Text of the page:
Frints et al. (2002) described 2 Belgian brothers with Partington syndrome. The brothers had a delayed and aberrant grasp reflex which resulted in feeding difficulties in early childhood. Dystonic hand movements became more evident during childhood. They had dysarthria with difficulties initiating speech and stuttering. The elder brother walked at 18 months of age, whereas the younger brother could sit at 1 year and walked at 19.5 months. Both brothers had mild to moderate mental retardation. Their behavior was generally friendly, quiet, and social, although the elder brother developed depressive mood and anger outbursts in his late 20s. EEG, EMG, and head MRI studies were normal in both.
Szczaluba et al. (2006) reported 18 individuals from 5 families with an X-linked mental retardation syndrome due to a hemizygous 24-bp duplication in the ARX gene. The phenotype was variable but most consistent with Partington syndrome. All patients had intellectual impairment. Twelve presented with focal hand dystonia, and 6 had EEG abnormalities with seizures. Other variable features included dysarthria (4 patients) and lower limb spasticity/foot dystonia (4 patients). One family showed enlargement of the testes, and 1 patient had a subarachnoid cyst. Affected individuals tended to have long triangular facies.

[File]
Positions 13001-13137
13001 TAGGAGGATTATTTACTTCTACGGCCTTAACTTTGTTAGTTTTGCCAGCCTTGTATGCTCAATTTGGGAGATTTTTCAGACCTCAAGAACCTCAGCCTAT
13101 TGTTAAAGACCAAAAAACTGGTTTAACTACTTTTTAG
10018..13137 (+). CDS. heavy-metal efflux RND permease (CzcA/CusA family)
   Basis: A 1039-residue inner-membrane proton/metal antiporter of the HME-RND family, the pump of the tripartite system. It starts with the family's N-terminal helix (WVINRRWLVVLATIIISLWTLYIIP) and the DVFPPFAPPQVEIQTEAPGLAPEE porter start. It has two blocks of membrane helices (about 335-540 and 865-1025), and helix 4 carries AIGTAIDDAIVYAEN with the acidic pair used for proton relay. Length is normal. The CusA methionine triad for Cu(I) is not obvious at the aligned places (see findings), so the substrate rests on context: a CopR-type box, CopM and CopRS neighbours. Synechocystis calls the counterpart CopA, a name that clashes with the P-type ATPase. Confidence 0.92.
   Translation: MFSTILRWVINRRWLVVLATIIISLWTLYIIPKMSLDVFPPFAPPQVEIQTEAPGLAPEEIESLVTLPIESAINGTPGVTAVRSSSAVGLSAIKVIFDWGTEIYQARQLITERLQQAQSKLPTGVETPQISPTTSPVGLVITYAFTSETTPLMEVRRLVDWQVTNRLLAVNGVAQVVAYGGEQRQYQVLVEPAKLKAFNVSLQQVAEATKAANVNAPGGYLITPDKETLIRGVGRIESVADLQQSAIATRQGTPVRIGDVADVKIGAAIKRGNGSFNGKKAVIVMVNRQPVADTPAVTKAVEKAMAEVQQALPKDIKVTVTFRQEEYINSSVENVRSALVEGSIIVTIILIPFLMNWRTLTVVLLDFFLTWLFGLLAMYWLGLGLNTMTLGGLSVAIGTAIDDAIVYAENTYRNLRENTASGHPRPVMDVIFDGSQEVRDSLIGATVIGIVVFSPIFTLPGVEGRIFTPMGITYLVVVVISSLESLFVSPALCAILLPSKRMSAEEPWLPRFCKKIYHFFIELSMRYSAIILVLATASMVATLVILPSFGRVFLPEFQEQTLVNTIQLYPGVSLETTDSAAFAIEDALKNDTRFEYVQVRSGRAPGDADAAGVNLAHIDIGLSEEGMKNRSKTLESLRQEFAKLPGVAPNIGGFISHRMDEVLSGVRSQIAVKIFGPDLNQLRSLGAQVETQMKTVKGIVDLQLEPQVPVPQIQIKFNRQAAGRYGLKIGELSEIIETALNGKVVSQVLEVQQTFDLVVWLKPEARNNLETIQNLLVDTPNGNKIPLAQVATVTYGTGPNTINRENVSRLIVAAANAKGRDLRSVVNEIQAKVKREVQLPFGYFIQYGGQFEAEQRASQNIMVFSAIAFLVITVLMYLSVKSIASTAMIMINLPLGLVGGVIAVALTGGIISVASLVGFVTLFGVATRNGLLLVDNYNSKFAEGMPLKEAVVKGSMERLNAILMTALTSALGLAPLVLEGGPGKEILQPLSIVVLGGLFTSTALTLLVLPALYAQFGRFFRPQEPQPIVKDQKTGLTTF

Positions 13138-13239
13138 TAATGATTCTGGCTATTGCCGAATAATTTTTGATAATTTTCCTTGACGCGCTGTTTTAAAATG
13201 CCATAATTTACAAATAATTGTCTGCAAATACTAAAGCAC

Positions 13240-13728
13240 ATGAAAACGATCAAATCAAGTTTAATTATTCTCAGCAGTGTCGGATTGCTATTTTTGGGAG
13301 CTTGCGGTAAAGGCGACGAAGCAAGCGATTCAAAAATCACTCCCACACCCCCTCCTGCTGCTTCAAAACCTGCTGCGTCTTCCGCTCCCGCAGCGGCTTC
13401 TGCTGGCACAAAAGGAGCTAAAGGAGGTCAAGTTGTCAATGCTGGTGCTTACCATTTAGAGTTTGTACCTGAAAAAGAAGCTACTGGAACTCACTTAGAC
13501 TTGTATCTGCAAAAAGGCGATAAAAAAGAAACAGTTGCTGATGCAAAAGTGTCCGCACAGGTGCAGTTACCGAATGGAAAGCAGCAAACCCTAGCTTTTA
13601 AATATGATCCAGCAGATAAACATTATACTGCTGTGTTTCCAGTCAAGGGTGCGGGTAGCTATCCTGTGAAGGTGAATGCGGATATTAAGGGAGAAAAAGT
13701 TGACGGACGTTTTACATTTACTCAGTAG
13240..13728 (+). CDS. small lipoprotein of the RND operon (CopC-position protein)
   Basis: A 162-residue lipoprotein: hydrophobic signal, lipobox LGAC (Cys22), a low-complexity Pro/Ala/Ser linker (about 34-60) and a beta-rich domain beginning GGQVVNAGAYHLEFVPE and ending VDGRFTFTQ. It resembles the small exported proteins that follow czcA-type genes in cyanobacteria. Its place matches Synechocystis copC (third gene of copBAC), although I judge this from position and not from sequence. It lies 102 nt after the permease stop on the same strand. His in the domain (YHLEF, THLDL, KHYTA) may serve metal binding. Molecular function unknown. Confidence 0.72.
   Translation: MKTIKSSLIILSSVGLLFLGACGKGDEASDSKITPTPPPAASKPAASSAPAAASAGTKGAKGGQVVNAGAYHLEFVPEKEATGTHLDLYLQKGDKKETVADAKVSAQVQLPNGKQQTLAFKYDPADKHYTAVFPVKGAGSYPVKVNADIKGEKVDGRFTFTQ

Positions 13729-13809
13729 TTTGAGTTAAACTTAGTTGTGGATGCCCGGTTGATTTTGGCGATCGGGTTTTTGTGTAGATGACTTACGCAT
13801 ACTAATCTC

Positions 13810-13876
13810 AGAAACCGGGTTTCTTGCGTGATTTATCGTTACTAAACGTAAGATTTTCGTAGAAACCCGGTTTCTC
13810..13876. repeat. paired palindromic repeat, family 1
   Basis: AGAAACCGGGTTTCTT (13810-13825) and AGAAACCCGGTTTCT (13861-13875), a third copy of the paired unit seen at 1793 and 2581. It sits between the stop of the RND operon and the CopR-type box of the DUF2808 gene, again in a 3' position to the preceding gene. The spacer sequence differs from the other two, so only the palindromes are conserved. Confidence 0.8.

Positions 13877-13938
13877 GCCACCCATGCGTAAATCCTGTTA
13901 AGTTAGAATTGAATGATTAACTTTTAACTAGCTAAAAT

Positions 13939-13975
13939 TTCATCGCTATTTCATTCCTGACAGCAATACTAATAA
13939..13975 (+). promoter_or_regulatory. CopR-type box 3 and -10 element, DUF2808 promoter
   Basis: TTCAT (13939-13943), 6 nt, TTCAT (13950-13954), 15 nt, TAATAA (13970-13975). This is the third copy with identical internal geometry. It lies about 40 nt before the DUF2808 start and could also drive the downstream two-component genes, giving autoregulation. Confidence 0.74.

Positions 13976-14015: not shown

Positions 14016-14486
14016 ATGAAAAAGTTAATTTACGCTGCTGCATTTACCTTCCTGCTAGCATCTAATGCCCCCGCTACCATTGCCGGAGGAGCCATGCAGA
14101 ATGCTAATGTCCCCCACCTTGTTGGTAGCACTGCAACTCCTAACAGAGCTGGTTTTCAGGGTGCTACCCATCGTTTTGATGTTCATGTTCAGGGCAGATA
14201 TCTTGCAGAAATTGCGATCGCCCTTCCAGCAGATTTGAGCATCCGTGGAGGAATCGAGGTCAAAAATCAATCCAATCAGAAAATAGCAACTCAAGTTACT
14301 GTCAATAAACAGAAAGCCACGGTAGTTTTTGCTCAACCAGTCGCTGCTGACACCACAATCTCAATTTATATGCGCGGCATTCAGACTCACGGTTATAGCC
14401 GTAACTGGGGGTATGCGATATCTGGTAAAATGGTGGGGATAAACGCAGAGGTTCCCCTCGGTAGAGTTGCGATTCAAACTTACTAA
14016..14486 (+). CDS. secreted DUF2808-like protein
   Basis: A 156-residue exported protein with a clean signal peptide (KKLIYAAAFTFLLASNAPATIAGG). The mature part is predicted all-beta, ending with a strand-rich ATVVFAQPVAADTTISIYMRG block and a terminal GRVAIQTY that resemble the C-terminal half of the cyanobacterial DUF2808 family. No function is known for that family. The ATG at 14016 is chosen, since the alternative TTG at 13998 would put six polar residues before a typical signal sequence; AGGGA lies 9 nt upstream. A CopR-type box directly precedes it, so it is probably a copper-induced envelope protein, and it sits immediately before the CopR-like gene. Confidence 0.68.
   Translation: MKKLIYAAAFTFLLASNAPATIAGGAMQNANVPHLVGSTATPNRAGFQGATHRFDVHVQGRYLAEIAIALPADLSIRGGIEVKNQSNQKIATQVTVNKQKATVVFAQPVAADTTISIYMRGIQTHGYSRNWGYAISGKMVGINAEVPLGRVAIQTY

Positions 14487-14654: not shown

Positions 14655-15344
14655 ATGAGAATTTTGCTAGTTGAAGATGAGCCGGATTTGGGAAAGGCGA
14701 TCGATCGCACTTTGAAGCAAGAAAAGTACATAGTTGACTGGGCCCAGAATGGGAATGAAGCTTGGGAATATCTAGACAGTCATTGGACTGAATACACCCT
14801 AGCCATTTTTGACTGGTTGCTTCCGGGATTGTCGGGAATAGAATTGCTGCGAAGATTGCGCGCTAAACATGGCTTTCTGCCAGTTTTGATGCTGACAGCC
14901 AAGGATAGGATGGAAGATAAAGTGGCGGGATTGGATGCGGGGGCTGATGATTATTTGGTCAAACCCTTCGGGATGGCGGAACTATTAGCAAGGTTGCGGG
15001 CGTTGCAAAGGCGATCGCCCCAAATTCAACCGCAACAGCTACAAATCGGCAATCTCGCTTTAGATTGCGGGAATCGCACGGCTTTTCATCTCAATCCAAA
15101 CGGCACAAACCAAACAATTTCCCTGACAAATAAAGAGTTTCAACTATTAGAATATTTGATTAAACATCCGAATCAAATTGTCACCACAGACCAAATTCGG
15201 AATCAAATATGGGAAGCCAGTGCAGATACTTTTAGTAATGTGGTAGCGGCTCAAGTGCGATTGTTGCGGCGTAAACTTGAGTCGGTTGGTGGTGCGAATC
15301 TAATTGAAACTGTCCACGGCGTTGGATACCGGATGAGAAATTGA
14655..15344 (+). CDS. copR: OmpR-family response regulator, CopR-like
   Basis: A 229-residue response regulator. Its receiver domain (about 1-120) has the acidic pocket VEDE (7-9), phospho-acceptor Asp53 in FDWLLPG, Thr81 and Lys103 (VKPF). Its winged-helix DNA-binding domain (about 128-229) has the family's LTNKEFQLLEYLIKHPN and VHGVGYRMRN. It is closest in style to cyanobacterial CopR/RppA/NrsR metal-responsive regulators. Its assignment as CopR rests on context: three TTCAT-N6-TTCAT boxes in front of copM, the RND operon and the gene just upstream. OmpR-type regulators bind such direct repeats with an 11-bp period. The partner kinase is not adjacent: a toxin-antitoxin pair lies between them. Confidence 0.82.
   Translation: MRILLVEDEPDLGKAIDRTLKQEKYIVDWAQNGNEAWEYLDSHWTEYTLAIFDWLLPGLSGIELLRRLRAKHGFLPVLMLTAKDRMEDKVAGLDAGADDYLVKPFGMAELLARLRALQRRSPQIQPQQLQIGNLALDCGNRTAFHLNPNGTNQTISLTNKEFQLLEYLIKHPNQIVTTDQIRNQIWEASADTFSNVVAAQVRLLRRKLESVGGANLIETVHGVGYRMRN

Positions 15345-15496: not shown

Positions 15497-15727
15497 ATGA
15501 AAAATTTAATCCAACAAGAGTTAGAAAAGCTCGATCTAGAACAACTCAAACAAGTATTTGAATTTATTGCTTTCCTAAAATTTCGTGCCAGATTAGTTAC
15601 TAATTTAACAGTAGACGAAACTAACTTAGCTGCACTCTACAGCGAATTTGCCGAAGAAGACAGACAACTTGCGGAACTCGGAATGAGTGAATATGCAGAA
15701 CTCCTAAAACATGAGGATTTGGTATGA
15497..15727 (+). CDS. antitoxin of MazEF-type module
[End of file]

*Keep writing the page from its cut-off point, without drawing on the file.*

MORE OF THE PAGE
By linkage analysis of an affected family, Partington et al. (1988) mapped the gene responsible for PRTS to the distal part of chromosome Xp (maximum lod score of 2.11 at theta = 0.00 at marker DXS41).
Claes et al. (1996) performed linkage analysis on the MRX36 family. A maximum lod score of 1.97 was obtained at markers DXS989, DXS1218, DMD49, and DMD45 when the infant girl was excluded from the analysis, but rose to 3.31 at DXS1218, defining a candidate region of less than 5 cM (Xp22.1-p21.1), when she was not included.
Frints et al. (2002) determined that 2 affected Belgian brothers shared a haplotype in the PRTS region at Xp22.1.
▼ Molecular Genetics
In the original Australian family reported by Partington et al. (1988) and in the unrelated Belgian family reported by Frints et al. (2002), Stromme et al. (2002) found an expanded alanine repeat in the ARX gene. The polyA expansion was due to the 24-bp duplication (300382.0002). The mutation occurred against different haplotypes in the 2 families.
In one of the brothers reported by Claes et al. (1996), Bienvenu et al. (2002) identified the 24-bp in-frame duplication in the ARX gene. Frints et al. (2002) noted that the mutation had not been found in the affected infant girl or her mother, indicating that the mental retardation in the girl was caused by another factor.
Partington et al. (2004) reported 3 new families with X-linked mental retardation due to the 24-bp duplication in the ARX gene. They reviewed the clinical findings in the 46 XLMR patients from 9 families that had been reported with this mutation and noted that mental retardation ranged from mild to severe. Infantile spasms (West syndrome; 308350) occurred in 12.5% and less severe forms of seizures in 37.5%. Characteristic dystonic movements of the hands were seen in 63% and dysarthria in 54%. Partington et al. (2004) suggested that focal dystonia in association with mental retardation may be diagnostic of this mutation.